A Dundee councillor has hit out at the “unelected official” who overturned a decision to reject proposals to build 150 new homes in Linlathen.
Ferry Liberal Democrat councillor Craig Duncan was speaking after a Scottish Government reporter overturned the decision by Dundee City Council’s planning committee not to allow the Kirkwood Homes development.
Councillors originally rejected the application because it ran contrary to its previous local plan.
Kirkwood Homes appealed to the Scottish Government’s Planning and Appeals Division and its reporter overturned the local authority’s decision.
The plan will get approval so long as the developer meets planning obligations regarding improvements to the Claypotts junction.
The reporter also rejected concerns about the impact the proposed development will have on local infrastructure and community facilities, saying additional healthcare provision would not be necessary.
Mr Duncan told the planning committee on Monday: “I cannot let this discussion pass without expressing my disappointment that a decision by this democratically elected body has been overturned by an unelected reporter.
“My constituents will be disappointed by this decision and will take issue with the opinion that additional health care provision is not necessary or proportionate.”
The new local development plan for Dundee has said there is room for another 100 homes on the site in addition to the 150 proposed by Kirkwood Homes.
Ferry Conservative councillor Derek Scott asked when developers will have to allocate land for community buildings such as schools or shops.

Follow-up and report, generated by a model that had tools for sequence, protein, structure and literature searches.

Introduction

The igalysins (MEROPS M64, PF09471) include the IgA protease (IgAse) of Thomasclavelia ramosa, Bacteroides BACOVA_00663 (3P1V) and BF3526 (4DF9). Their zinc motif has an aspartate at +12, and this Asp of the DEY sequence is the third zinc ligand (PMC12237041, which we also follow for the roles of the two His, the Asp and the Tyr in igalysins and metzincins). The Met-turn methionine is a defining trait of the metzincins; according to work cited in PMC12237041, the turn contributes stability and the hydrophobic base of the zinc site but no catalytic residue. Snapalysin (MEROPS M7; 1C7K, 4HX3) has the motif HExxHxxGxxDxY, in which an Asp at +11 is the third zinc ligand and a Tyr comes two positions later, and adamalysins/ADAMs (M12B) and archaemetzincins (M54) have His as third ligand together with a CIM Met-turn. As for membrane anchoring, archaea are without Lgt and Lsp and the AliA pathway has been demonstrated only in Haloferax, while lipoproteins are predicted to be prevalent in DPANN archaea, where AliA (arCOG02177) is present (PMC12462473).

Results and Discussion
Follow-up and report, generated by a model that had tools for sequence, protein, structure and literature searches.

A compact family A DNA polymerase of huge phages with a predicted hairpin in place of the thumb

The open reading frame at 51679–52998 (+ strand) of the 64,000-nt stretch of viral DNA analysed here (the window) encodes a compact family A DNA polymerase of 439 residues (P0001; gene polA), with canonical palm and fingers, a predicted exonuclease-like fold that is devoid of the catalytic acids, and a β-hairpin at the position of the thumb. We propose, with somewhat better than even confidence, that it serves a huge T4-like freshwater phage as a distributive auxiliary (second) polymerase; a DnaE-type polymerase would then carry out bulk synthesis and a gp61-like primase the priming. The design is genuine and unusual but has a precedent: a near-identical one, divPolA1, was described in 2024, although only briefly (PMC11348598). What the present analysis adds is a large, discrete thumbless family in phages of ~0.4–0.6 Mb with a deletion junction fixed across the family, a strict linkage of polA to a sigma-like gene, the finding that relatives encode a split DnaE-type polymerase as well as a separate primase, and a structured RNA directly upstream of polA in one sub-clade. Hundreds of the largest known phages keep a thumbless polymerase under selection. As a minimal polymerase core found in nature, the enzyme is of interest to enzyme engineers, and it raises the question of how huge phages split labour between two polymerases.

Dundee City Council’s head of planning and economic development Gregor Hamilton said: “We have been mindful of the growth in development north of the Arbroath Road and we may in consideration of future developments take these matters into account.”
The planning committee also rejected an application to raise the level of houses being built on Gray Street in Lochee.
Developments were seeking permission to raise the height of 12 of the 14 homes they are building on the site between 75cm and 170cm.
Residents living nearby had objected to changes over concerns about the loss of their privacy.
Colin Henderson, a quantity surveyor whose Wellgrove Street home would be affected, said: “This is not acceptable to us. It affects our way of life and environment.”
Architect Peter Inglis was asked what would happen if the committee rejected the application.
He said: “I’ll have an eight o’clock meeting with my clients tomorrow morning.”